Towards a Community-based Green Economy in Sabah
Sabah is a natural resource-rich state in Malaysia faced with many environmental, socioeconomic, and political challenges. It is home to a large indigenous population with a self-sustaining economy long depending on the extractive industry, timber, and palm oil, with the base-level dependence on natural resources growing at a steady pace. The hallmarks of a green economy are low carbon, efficient, and clean production, and inclusivity in consumption and outcomes. The green economy has shifted beyond mere awareness and social expression and taken an important place in policy discussions given the growing evidence that the current system of economic development is detrimental to the environment and humanity at large.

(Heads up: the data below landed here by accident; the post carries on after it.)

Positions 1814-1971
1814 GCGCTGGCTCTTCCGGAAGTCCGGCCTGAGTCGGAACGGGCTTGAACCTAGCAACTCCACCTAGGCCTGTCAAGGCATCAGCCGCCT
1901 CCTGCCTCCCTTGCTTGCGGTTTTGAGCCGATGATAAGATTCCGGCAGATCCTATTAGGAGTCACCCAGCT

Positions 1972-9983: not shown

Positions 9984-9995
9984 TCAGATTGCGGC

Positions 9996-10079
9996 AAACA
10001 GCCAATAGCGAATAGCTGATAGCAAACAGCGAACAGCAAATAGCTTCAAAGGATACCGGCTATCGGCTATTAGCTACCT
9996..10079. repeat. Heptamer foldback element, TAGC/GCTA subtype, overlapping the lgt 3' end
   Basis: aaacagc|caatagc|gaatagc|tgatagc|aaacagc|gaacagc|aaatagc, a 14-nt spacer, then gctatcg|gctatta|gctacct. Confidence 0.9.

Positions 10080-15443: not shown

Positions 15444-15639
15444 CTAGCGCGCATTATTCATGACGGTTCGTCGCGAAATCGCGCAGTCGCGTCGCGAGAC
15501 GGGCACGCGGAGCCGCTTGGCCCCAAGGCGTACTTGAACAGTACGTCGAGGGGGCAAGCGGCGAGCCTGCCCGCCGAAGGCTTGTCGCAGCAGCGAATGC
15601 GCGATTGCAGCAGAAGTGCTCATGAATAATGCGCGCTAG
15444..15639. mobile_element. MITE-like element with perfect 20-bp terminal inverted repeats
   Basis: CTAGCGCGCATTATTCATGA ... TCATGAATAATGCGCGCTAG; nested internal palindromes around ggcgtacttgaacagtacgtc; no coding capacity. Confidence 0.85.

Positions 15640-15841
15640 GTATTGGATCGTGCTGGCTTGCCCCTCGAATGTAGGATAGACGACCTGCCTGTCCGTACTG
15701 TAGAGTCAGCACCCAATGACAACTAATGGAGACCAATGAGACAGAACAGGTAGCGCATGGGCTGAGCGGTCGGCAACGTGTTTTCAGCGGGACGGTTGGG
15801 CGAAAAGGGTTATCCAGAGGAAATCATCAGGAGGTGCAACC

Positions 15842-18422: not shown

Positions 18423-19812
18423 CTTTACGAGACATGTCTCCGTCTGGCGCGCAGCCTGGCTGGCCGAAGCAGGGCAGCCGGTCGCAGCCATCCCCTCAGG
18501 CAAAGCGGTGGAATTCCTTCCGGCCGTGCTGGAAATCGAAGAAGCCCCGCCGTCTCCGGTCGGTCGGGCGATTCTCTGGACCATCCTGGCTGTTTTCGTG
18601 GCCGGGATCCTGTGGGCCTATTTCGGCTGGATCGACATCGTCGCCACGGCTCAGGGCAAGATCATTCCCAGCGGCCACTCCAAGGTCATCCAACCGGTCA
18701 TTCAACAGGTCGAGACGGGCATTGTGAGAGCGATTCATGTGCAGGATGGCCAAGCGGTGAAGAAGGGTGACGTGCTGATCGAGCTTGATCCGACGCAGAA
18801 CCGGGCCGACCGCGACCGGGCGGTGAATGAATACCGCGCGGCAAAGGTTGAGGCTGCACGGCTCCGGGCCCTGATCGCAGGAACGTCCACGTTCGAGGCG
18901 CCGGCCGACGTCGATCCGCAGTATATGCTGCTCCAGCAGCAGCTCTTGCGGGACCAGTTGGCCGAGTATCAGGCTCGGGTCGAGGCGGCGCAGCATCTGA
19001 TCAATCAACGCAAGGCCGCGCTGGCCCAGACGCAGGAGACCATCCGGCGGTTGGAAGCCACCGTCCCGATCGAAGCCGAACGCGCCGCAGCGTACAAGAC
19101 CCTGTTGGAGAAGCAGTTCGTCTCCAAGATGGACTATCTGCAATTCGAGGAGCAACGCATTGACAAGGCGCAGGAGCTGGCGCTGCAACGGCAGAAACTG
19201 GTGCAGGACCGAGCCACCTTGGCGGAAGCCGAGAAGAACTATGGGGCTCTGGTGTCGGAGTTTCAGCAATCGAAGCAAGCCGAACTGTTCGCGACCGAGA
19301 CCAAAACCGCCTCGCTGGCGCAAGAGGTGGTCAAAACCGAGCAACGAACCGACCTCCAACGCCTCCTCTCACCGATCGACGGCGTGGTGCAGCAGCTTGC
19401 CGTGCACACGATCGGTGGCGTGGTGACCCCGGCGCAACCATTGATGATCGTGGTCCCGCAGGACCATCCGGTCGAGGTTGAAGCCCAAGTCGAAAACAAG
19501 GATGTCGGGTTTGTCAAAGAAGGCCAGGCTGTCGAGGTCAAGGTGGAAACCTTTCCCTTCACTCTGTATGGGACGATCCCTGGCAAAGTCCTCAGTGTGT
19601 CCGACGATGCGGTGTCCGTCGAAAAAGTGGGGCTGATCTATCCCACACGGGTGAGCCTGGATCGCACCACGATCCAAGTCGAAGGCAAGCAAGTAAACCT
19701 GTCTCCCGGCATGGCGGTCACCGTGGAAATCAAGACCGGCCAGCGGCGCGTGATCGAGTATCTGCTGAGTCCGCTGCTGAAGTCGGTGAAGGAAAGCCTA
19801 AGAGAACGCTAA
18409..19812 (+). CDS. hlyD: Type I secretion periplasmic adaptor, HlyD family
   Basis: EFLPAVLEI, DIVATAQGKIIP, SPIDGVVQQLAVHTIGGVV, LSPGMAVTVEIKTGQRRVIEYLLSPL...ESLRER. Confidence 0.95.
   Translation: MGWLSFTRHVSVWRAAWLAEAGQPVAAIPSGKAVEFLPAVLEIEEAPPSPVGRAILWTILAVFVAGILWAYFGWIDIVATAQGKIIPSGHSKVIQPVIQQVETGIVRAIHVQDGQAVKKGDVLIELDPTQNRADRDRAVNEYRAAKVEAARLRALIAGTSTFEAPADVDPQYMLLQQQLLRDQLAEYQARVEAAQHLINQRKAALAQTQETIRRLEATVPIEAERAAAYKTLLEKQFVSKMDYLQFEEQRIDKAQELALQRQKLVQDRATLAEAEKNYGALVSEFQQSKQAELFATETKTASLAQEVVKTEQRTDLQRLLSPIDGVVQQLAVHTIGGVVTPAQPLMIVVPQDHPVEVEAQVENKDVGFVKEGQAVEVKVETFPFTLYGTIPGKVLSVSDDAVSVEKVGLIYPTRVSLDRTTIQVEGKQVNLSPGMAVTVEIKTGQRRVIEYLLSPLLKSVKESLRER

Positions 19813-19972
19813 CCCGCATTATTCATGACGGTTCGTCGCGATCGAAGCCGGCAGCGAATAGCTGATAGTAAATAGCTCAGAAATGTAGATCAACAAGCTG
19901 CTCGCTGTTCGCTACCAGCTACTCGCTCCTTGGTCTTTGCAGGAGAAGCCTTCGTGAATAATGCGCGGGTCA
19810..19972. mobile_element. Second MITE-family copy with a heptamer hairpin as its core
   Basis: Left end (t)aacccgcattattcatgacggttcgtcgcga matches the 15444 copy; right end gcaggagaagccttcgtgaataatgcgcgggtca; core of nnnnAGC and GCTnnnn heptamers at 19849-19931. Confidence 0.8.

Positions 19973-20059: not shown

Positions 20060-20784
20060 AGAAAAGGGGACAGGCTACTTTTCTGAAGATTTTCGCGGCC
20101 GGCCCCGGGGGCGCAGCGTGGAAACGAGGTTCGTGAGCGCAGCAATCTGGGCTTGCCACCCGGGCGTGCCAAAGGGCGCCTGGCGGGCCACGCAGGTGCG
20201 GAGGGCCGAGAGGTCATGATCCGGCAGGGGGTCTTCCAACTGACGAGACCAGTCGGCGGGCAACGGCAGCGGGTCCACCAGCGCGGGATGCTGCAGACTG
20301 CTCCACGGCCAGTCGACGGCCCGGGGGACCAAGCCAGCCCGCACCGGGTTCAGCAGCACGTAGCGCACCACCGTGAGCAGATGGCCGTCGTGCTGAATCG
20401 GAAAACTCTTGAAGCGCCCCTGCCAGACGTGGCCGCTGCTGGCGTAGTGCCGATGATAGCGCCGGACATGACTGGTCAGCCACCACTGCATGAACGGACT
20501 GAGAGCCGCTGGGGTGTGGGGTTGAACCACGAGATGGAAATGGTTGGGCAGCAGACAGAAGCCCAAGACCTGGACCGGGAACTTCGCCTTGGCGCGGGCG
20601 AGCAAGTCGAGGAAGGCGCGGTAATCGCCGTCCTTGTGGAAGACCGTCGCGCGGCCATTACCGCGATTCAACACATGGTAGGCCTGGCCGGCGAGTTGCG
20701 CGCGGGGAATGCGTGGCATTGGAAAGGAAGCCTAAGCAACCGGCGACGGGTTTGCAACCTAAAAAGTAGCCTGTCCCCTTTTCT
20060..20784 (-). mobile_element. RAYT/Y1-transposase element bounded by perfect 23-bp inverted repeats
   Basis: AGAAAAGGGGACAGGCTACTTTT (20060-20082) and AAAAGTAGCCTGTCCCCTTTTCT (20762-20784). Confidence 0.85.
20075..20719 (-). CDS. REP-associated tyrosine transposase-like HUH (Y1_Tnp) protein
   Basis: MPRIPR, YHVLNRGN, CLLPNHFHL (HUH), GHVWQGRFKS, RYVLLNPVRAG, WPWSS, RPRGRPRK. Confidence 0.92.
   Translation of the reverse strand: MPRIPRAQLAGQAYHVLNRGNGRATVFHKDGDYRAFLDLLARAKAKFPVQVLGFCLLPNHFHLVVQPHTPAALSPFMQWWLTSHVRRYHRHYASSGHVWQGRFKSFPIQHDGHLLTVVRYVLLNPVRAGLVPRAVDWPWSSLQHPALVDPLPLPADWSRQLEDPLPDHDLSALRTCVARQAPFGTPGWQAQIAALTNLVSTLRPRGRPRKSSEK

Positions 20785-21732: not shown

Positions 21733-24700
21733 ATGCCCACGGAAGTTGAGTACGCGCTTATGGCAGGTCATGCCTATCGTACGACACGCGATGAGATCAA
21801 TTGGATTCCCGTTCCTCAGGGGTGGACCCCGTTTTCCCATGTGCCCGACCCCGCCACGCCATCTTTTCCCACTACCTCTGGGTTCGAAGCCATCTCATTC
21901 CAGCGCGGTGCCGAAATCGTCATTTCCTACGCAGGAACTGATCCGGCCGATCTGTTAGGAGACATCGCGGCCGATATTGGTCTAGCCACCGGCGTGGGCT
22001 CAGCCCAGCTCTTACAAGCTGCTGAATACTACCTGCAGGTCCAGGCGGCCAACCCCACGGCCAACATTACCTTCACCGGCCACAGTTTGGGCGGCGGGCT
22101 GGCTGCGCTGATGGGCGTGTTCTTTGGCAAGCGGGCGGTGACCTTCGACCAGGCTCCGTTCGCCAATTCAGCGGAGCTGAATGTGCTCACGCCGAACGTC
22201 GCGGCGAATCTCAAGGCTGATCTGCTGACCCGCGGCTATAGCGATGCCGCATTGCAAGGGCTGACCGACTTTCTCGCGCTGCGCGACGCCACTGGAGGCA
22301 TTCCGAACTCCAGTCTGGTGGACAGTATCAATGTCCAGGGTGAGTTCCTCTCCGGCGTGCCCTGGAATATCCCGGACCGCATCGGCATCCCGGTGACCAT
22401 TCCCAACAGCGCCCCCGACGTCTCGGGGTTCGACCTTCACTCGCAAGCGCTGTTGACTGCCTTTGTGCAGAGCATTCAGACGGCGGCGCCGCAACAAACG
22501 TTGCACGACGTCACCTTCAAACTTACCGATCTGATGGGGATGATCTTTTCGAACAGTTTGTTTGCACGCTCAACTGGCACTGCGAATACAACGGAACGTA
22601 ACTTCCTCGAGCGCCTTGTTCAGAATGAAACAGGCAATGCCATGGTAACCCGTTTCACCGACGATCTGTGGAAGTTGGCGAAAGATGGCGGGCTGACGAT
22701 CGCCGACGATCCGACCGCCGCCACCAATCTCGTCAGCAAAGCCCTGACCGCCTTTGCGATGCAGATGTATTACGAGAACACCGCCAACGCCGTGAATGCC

Making an inclusive green economy work for local communities in Sabah requires a major shift in approaches to policymaking, together with the commitment of low and middle-income groups. Federal and state governments will need to capture higher economic returns that investments in sustainable use of ecosystems and low-carbon and climate-resilient development can generate and ensure that these contribute to poverty reduction and inclusive growth. Acting as partners to the government, the role of local communities is equally as important in rural planning and the development and management of resources, and developing their livelihood. Through good governance and sustainable economic options, Sabah can continue on the path to a green economy for all and uphold its natural heritage.